Construction raw materials in Timor Leste and sustainable development
Jorge F. Carvalho, José V. Lisboa, 2005. "Construction raw materials in Timor Leste and sustainable development", Sustainable Minerals Operations in the Developing World, B. R. Marker, M. G. Petterson, F. McEvoy, M. H. Stephenson
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Timor Leste is the newest and one of the poorer nations in the world. One of its main challenges that could lead to poverty reduction is the reconstruction and maintenance of the infrastructures that were almost completely destroyed after its independence referendum. To achieve this, there is an imperative need for construction raw materials in a country where the extractive industry is scarce and artisanal. Available geological studies deal with the island’s geology and tectonic evolution or its oil and gas potentialities. Very few broach other geological resources. A general study of the country’s territory demonstrates that Timor Leste possesses large resources in clays, limestones and sand and gravel, which can support small- to large-scale raw material extractive industries. Some selected areas have been the target of more detailed study: Venilale and Aileu, with resources for structural ceramics and whiteware respectively, and Beheda, where a crinoid-rich limestone crops out, with potential for usage as ornamental stone. These resources are suitable for non-sophisticated small-scale mining operations that should be able to accomplish environmental and social liabilities. No public policy exists for the management of these mineral resources, which is essential for the sustainable development of Timor Leste.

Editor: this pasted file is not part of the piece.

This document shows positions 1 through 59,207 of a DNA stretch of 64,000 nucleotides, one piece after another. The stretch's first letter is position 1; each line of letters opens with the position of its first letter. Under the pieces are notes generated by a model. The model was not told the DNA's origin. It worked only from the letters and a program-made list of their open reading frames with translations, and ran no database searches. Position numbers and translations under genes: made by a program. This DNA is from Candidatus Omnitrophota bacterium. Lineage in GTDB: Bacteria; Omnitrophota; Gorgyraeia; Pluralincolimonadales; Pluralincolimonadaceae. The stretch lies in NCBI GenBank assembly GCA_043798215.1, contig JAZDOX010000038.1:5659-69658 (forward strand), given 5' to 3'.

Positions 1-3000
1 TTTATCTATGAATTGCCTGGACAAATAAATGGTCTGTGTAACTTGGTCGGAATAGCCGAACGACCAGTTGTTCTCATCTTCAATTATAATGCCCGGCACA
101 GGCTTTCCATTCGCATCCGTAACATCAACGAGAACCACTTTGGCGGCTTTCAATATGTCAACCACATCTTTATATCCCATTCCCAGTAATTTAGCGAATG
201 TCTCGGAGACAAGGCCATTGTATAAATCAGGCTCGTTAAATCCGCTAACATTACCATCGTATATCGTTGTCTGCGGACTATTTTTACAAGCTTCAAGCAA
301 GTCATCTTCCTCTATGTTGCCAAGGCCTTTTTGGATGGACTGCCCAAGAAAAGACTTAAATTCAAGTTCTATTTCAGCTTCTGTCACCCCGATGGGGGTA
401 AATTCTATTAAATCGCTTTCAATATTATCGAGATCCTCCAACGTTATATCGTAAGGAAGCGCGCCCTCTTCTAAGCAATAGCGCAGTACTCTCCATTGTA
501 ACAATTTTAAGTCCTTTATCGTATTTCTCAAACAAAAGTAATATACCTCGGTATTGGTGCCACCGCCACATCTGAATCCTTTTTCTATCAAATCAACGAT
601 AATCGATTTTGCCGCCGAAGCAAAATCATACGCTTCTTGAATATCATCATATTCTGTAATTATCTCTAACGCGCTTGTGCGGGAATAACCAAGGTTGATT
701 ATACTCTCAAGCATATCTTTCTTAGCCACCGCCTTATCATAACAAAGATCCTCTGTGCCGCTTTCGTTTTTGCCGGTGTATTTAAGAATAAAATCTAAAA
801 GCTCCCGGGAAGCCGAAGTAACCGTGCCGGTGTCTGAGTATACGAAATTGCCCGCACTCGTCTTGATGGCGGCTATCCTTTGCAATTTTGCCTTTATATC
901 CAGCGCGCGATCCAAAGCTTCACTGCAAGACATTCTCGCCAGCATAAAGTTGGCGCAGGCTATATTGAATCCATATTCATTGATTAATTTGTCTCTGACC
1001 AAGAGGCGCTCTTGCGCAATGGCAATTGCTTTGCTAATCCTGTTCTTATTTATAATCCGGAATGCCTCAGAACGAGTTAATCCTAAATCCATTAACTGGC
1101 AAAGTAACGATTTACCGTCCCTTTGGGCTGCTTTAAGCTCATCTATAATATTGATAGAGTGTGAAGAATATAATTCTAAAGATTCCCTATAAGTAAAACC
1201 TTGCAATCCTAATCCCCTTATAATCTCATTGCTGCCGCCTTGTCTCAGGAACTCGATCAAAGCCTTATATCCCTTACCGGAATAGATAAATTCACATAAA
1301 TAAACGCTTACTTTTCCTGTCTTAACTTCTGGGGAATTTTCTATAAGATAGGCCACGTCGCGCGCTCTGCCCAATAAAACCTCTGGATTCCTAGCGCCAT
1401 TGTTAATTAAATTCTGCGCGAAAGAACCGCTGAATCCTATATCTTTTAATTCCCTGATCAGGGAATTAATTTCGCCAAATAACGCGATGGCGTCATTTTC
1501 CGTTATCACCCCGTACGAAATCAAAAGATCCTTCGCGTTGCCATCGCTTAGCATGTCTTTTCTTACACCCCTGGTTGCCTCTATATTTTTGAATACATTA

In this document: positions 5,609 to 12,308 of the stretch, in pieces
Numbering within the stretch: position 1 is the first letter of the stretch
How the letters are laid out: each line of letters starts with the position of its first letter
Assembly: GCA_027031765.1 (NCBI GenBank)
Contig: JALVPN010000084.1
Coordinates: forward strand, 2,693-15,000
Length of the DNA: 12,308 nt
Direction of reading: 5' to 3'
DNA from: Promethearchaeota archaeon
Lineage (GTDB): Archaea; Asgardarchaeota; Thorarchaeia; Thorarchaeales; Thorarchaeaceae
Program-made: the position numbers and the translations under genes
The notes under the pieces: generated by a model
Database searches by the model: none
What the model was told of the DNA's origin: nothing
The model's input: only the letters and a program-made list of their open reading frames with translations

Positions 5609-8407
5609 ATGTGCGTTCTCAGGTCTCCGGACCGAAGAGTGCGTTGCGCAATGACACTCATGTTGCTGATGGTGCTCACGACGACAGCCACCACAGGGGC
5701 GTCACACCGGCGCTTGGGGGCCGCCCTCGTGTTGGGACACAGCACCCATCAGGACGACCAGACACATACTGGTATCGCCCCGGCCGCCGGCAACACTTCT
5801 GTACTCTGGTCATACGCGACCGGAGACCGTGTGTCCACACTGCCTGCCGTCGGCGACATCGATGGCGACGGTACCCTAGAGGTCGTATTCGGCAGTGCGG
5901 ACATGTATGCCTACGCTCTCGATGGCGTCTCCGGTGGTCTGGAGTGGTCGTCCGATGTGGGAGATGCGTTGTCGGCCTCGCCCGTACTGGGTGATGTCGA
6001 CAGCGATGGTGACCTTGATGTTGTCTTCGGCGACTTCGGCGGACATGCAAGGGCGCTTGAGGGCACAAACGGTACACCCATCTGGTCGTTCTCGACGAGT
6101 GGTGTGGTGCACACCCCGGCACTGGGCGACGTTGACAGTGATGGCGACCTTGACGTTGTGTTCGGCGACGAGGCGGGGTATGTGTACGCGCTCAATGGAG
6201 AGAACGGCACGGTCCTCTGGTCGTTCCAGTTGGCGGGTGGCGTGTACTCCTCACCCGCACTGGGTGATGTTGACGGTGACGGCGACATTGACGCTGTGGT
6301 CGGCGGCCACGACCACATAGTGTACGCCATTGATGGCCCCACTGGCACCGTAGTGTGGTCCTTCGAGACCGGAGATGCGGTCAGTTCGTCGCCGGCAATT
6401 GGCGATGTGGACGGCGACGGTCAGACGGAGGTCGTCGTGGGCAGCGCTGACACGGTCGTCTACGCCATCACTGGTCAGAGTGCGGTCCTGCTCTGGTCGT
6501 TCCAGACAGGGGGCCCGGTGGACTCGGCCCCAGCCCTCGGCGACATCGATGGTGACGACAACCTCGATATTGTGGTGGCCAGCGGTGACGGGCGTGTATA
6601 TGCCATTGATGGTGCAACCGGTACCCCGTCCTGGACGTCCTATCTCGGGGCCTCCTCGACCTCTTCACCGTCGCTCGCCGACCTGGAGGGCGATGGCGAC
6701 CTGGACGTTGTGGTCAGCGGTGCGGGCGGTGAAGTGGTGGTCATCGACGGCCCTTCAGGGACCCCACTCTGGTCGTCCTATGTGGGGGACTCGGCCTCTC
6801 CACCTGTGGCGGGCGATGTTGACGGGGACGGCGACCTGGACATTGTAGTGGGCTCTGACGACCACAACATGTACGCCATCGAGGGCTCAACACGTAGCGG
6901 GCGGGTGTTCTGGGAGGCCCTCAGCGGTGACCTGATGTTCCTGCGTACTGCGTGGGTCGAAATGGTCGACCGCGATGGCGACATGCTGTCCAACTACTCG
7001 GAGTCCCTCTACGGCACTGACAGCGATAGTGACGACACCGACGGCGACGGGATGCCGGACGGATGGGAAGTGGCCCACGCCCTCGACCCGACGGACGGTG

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Sustainable Minerals Operations in the Developing World
The sustainable development of minerals, which are non-renewable resources, is a major challenge in today’s world. In this regard the true definition of sustainability’ is a debating point in itself: can such a concept exist with respect to non-renewable resources? Perhaps the ideal sustainability model is one that minimizes negative environmental impact and maximizes benefits to society, the economy and regional/national development. Developed and near-developed economies rely for commodity supplies on developing countries where major mining operations are often a mainstay of the domestic economy. Limited environmental regulation and low wages lead to charges of exploitation. Also, large numbers of people have no alternative to living by informal, often dangerous, ‘artisanal’ mining. This Special Publication gives examples from developing countries at all scales of mineral extraction. The volume reviews environmental, economic, health and social problems and highlights the need to solve these before sustainability can be achieved. The better solutions require mutual understanding, through full involvement of all stakeholders, education, training and investment so that small-scale ansd artisinal mines can grow into well-managed operations. At larger scales, most major interantional mining companies have now inoproved their practices and are monitoring their progress, although there is no room for complacency in this rapidly changing area.